Medical Research Council - London Institute of Medical Sciences

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World Down Syndrome Day Inside Down
21 March 2013

Inside Down

Twenty-three pairs of chromosomes locked within our cells hold the key to the development of the human body. Today, on World Down Syndrome Day, it’s pair number 21 that draws our attention. A developmental defect called trisomy 21 means each human cell ends up with not two, but three, copies of chromosome 21. This results in Down syndrome; a condition characterised by a delay in mental development, short stature and a distinct set of facial characteristics. Heart and immune system defects are also often found and may be explained by differences at the level of cells – specifically, endothelial progenitor cells (EPCs) that circulate in the blood. Scientists found fewer EPCs in individuals with Down Syndrome, and those present were more sensitive to stress and infection. Electron microscopy shows abnormalities in their appearance too – the EPCs (pictured) are larger and have more vacuoles (white spaces) than normal cells.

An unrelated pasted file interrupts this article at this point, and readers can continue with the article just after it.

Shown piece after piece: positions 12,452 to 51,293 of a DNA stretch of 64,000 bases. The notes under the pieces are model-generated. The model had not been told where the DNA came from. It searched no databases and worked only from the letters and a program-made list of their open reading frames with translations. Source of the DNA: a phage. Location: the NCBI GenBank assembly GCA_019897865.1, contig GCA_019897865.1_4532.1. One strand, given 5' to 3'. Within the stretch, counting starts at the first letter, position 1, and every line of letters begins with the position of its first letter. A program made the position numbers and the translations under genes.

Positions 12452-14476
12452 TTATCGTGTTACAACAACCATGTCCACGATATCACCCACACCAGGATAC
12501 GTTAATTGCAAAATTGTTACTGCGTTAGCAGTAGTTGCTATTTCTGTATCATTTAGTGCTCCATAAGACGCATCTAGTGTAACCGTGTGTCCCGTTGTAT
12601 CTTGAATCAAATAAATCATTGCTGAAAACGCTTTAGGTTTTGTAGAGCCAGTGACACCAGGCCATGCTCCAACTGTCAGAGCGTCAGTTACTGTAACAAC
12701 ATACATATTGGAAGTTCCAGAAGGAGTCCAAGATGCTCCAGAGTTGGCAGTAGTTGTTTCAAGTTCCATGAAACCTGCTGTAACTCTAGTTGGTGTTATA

Written by Lux Fatimathas

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